Abu Bakr sought to guard the people against domination by making himself accountable to them. The people obliged, securing their liberty. They could call him out at any time, and he had to listen. He even had to ask their permission for new clothes. His successor Umar carried the legacy forward. Publicly rebuked by a woman for overstepping the law, Umar responded: “That woman is right, and I am wrong! It seems that all people have deeper wisdom and insight than me.”
This spirit of accountability and liberty would become enshrined as a religious duty in Islam, though as with any tradition, these values are not always upheld. Nonetheless, every Muslim has the obligation to command right and forbid wrong, correcting and resisting any who betray justice, rulers included. That Abu Bakr and Umar are paradigms of good Islamic rule for well over 1 billion Sunni Muslims tells us something about this tradition’s love for freedom.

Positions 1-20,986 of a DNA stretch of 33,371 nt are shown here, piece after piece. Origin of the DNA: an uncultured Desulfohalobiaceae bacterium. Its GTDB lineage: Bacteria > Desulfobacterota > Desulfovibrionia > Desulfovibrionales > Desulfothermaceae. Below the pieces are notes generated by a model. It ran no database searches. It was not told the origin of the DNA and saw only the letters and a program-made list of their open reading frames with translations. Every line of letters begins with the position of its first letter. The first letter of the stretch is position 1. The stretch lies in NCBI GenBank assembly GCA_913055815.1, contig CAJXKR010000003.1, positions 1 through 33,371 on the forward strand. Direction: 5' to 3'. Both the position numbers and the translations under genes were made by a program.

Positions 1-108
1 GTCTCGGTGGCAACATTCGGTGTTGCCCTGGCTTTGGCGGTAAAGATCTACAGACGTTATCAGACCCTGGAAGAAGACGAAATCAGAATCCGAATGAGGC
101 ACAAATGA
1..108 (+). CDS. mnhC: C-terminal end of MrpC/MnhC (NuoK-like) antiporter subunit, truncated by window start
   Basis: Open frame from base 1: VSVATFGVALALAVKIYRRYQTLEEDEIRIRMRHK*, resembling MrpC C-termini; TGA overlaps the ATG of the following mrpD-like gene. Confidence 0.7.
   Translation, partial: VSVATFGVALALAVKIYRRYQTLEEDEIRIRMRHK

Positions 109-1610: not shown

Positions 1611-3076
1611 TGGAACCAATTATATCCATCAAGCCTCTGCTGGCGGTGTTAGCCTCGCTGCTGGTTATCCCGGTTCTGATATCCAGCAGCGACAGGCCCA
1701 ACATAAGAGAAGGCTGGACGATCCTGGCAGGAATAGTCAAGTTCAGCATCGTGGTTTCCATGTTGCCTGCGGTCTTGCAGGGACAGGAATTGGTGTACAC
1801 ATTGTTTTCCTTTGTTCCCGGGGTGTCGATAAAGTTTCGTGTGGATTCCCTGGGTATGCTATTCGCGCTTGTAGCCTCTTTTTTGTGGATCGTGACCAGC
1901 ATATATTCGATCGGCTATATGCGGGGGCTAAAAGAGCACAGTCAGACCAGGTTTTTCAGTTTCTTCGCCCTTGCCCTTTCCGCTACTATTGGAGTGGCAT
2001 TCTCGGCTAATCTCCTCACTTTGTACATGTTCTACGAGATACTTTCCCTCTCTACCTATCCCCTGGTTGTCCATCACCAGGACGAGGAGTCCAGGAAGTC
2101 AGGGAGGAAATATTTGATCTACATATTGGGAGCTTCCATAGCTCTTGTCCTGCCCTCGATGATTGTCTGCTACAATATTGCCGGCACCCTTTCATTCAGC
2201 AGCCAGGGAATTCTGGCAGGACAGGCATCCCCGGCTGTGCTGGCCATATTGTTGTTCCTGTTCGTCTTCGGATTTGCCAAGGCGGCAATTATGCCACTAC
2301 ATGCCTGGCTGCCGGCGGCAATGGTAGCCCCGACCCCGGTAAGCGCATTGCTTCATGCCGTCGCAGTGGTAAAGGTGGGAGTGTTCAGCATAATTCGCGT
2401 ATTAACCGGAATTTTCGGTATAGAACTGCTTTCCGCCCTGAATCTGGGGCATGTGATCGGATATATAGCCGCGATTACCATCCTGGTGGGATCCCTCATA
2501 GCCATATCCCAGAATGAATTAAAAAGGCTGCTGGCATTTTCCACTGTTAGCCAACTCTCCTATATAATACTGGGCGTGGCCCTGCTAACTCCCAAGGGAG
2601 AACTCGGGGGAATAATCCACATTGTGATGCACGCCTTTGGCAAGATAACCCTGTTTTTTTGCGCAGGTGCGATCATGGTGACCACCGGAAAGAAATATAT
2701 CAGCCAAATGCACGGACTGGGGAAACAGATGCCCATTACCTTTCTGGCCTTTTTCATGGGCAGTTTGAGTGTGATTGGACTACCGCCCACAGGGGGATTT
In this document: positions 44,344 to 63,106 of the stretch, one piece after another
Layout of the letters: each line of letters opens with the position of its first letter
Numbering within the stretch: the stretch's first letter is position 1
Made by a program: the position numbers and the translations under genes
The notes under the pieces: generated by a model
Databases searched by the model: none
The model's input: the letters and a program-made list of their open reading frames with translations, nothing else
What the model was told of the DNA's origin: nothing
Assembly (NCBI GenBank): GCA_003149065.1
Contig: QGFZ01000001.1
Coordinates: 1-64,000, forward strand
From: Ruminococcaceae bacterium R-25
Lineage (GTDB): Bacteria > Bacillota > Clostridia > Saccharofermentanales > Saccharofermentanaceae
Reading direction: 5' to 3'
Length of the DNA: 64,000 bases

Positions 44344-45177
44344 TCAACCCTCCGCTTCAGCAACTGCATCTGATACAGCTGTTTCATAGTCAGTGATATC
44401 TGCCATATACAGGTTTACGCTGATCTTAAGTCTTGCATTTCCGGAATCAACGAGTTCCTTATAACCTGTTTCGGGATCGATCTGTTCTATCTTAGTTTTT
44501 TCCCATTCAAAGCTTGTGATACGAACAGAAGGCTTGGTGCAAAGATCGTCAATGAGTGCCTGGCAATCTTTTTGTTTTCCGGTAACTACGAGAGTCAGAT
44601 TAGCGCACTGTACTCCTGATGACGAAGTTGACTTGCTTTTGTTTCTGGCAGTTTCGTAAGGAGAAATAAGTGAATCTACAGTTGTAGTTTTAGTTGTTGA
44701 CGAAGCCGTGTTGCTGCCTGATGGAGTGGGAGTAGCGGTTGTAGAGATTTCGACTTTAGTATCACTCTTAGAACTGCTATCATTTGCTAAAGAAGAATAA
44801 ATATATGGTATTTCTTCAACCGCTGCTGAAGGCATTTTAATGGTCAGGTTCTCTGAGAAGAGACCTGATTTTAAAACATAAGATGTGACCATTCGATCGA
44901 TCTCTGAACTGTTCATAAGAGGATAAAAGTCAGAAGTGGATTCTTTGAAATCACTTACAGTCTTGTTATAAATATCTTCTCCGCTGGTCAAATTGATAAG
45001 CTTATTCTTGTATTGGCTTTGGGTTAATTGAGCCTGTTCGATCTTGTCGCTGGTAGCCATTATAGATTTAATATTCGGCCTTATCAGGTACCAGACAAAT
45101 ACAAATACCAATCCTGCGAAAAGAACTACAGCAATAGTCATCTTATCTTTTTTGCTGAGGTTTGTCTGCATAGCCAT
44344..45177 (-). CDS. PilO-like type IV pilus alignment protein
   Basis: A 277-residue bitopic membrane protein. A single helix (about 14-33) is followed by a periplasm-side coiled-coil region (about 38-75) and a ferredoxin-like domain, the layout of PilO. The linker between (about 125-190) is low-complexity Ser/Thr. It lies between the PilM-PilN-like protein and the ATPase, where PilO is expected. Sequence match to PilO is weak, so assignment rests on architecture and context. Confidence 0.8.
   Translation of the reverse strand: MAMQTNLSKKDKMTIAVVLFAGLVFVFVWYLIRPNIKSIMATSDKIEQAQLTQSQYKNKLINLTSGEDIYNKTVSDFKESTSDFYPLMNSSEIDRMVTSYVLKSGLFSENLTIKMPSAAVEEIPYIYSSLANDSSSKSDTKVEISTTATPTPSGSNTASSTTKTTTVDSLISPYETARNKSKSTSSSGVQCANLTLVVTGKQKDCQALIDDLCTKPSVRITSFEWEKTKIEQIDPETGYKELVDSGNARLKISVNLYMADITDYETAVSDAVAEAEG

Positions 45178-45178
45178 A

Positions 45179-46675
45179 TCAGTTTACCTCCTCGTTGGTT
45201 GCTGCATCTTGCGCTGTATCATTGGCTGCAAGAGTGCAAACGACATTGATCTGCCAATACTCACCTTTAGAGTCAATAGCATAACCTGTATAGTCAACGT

So does the 12th-century theologian al-Ghazali, one of Islam’s most beloved figures. In his most famous political work, an open letter to a young sultan, Ghazali famously defends a golden rule of liberty: “The fundamental principle is … treat people in a way in which, if you were subject and another were Sultan, you would deem right that you yourself be treated.” Nothing a ruler would not himself endure has any place in politics. While sin against God can be forgiven, violation of this rule cannot: “Anything involving injustice to mankind will not in any circumstance be overlooked at the resurrection.” Ghazali tells rulers that on judgment day, not God but the people will determine their fate: “The harshest torment will be for those who rule arbitrarily.” He sounds striking similar to James Madison writing in Federalist 57, for whom rulers “will be compelled to anticipate the moment when their exercise of power is reviewed, and they must descend to the level from which they were raised.” Only in Ghazali’s vision, the tyrant descends to hell.